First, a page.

Parliament provides a forum for the public’s interests and concerns to be debated by elected representatives. Members use parliamentary committees, question time and other procedures such as moving motions, conducting urgency debates, introducing bills and presenting petitions on behalf of members of the public to achieve community representation.
Parliament appropriates (allocates) funding for government departments and authorities by passing money bills. Money bills can only be introduced in the Legislative Assembly. The appropriation (budget) bills are introduced into the Legislative Assembly just prior to the commencement of the financial year (usually May each year). These are closely scrutinised and, when passed by Parliament, provide the annual recurrent and capital budget for government operations.
The Parliament examines, through parliamentary procedures such as debate, parliamentary questions and committees, government’s administration and expenditure.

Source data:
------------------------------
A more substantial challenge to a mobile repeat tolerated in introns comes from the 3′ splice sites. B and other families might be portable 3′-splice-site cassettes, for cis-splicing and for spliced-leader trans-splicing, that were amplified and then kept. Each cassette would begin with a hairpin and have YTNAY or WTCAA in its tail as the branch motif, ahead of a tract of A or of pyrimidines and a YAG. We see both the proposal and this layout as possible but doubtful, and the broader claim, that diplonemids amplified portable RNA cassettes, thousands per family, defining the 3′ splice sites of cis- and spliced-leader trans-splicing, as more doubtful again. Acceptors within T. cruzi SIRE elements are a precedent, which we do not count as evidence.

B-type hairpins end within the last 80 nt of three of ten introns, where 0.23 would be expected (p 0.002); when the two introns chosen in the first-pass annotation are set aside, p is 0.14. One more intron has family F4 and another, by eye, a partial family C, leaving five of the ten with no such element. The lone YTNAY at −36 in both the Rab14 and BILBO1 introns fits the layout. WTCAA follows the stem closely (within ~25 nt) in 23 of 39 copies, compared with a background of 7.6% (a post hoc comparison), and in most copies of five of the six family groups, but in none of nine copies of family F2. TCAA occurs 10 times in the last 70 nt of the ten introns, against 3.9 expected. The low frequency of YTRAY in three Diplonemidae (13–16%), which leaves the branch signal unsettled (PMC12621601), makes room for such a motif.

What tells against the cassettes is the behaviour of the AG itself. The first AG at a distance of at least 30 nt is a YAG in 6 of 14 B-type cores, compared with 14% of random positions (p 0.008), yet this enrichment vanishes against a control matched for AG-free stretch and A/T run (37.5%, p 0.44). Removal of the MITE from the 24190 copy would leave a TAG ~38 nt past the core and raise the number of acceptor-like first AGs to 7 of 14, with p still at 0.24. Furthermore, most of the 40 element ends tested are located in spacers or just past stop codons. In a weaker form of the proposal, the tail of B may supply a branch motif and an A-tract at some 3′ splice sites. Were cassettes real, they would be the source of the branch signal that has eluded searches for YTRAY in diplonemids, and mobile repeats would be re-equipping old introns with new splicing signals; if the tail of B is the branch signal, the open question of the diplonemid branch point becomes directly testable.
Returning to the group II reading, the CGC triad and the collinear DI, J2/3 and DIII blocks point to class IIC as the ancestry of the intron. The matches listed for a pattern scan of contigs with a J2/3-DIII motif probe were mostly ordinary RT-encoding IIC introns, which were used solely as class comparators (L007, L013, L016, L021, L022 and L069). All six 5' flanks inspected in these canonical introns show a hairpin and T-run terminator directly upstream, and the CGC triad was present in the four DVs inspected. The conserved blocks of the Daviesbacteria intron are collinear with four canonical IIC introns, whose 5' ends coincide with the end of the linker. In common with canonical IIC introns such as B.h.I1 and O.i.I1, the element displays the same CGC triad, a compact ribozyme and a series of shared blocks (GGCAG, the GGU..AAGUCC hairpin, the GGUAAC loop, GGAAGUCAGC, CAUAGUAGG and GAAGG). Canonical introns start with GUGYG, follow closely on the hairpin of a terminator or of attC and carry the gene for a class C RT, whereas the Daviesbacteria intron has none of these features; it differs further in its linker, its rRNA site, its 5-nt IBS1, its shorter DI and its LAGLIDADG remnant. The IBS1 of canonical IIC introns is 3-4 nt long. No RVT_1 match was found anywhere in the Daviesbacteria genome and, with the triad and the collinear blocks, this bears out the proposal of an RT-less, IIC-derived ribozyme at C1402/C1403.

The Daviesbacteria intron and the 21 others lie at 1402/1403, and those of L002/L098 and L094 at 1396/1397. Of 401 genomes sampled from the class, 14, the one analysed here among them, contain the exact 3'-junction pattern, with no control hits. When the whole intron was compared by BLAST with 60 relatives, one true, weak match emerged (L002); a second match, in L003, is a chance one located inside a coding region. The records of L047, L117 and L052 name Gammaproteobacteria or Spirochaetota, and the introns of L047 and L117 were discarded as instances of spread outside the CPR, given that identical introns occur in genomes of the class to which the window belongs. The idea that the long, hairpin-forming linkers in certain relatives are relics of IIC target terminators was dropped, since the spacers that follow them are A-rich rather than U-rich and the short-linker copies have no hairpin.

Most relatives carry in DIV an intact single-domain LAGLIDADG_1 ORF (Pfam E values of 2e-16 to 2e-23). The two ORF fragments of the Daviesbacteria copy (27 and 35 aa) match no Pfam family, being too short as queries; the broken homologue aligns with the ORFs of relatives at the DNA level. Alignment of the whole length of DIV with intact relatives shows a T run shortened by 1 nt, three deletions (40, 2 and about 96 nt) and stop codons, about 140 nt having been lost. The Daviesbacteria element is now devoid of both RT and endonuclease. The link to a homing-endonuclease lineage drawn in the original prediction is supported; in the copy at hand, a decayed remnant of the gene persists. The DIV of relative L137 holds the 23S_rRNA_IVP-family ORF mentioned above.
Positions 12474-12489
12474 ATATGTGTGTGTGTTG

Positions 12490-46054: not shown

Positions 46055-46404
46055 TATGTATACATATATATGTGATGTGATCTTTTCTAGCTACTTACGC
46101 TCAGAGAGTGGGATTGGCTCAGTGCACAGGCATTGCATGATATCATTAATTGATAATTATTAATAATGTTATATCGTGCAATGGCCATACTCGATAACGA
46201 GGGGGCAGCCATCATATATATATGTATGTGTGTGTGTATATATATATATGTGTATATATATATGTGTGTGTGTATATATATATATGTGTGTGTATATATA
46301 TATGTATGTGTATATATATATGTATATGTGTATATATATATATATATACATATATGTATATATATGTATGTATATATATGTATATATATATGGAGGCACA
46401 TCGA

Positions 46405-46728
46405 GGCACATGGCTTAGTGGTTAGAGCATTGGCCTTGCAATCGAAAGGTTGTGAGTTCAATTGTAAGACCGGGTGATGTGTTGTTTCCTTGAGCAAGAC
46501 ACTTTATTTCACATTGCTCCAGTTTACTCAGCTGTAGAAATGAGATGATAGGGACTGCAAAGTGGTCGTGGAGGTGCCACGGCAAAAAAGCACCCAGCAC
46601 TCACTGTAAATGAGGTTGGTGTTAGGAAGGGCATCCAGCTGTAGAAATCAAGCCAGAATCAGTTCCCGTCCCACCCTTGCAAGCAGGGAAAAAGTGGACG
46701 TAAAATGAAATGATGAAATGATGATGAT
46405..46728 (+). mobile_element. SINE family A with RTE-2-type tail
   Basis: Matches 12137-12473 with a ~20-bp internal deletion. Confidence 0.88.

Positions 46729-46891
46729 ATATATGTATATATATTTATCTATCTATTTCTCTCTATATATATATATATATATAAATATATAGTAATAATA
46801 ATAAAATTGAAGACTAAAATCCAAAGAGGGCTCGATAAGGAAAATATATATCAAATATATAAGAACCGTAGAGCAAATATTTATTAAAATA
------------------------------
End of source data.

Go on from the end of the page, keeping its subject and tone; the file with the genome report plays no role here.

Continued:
The annual parliamentary estimates process, which is conducted by both houses, allows members to scrutinise how executive government is spending taxpayers’ money. The focus is on future government spending outlined in the government’s budget estimates for the financial year. For further information on the annual budget process see Scrutiny of Finance.
Parliament educates the public about the work of the Parliament and our democratic system of government. This occurs through a range of educational activities and resources delivered by the Parliamentary Education Office, such as public tours; tours for primary, secondary and tertiary students; and curriculum and other publications on Parliament.
The work of Parliament is supported by the Department of the Legislative Council, Department of the Legislative Assembly and the Parliamentary Services Department.
Being an active citizen is a key element of our parliamentary democratic system. It ensures that public opinion is understood and actively considered by members of Parliament in debating legislation and public policy. The information outlined on the Get Involved page provides ways for you to connect with Parliament and have your opinion considered.